*LANs: local area networks
*computer network that connects computers in a limited area (school, home, office, etc.)
*fast data transfer rate
*ethernet and wi-fi are the most common ways to build LANs
*proliferation of personal computers in the late 70s/early 80s required linking computers together in the workplace
*Novell Netware, big name in the business, 1983-mid 90s
*collection of computers and other hardware components interconnected by communications channels that allow sharing of resources and information
*classified by several different characteristics : transport medium, communications protocols, scale, etc.
*early networks: military radar system (SAGE), airline reservations systems (SABRE), Dartmouth, MIT, General Electric, Bell Labs
*modern communications would not be possible with computer networking
*you can communicate with others, share data, etc. Possibly insecure (can be hacked fairly easily), tricky to set up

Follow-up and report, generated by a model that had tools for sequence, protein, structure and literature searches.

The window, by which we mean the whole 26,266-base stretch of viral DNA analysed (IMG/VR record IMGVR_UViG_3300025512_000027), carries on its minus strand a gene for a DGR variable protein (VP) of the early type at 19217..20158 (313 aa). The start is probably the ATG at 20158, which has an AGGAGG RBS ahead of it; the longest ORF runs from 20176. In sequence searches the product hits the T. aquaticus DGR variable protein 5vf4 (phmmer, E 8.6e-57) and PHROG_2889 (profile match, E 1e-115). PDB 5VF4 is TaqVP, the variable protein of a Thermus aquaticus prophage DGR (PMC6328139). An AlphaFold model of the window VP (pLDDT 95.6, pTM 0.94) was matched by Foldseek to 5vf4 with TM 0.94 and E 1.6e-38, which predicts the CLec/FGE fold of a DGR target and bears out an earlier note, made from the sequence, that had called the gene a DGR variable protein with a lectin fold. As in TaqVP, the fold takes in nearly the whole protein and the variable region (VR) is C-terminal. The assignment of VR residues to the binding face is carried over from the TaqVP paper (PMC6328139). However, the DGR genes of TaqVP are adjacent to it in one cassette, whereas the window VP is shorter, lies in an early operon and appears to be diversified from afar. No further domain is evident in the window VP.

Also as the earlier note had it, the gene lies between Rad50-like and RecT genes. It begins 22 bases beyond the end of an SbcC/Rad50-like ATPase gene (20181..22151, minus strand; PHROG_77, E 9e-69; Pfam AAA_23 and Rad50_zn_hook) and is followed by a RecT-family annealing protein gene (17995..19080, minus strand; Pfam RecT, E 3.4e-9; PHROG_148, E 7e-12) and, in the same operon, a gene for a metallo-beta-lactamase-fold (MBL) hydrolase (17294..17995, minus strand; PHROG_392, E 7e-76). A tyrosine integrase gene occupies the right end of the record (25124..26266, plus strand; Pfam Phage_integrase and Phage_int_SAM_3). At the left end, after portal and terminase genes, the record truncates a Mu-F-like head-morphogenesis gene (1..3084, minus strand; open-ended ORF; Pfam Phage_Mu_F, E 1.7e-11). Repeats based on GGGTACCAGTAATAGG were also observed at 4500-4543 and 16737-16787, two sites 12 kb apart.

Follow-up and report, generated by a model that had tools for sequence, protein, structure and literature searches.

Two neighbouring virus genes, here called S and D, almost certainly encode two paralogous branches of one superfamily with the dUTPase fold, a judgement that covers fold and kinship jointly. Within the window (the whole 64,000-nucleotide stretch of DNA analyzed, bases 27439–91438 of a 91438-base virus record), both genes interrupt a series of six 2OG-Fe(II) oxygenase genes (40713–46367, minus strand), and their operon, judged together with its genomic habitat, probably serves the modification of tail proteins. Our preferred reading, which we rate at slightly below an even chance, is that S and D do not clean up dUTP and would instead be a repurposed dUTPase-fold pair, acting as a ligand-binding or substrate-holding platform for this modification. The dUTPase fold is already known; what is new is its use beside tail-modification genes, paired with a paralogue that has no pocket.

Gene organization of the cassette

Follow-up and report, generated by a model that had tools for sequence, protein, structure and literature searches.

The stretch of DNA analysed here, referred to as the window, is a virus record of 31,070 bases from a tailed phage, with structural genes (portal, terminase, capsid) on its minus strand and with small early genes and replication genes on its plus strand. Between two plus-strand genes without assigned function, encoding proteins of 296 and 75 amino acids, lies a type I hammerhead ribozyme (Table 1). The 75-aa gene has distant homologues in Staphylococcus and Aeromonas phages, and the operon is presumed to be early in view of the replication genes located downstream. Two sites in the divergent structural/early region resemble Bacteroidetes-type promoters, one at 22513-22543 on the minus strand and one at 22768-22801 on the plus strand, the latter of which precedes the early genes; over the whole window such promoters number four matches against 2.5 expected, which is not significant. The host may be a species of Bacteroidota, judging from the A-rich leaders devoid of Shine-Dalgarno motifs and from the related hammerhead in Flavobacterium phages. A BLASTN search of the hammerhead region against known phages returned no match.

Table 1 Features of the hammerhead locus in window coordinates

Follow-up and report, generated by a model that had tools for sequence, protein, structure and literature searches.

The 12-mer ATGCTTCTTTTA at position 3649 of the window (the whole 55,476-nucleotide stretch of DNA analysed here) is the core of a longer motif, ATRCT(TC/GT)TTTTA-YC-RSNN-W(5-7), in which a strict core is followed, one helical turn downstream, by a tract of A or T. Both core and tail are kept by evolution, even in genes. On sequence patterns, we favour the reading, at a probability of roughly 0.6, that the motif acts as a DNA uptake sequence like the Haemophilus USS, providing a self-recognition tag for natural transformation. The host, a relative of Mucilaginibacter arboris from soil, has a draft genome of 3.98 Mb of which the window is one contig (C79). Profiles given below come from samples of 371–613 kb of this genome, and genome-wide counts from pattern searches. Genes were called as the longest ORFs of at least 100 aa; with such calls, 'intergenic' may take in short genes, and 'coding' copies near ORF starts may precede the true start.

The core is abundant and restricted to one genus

*wired technologies: twisted pair wire (slow), coaxial cable (medium), optical fibers (fast)
*wireless technologies: microwaves, satellites, cellular systems, spread spectrum, infrared, global area network
*internet protocol suite (TCP/IP), the foundation of all modern networking
*network topology types: bus network, star network, ring network, mesh network, fully connected network
*resilience : the ability to provide and maintain an acceptable level of service in the face of faults and challenges to normal operation
*stands for "radio frequency identification"
*like a barcode in that it can identify an item uniquely, but is read by an electromagnetic field
*can be read through multiple layers of stuff (like book covers)
*hundreds of different kinds on the market, customizable for many needs
*libraries are good users of RFID because they get multiple uses of a tag, unlike merchants who use them only once
*RFID could have a positive impact on a libraries return on investment, do they make patrons happier?
*tags need to be durable for use in libraries, they get used repeatedly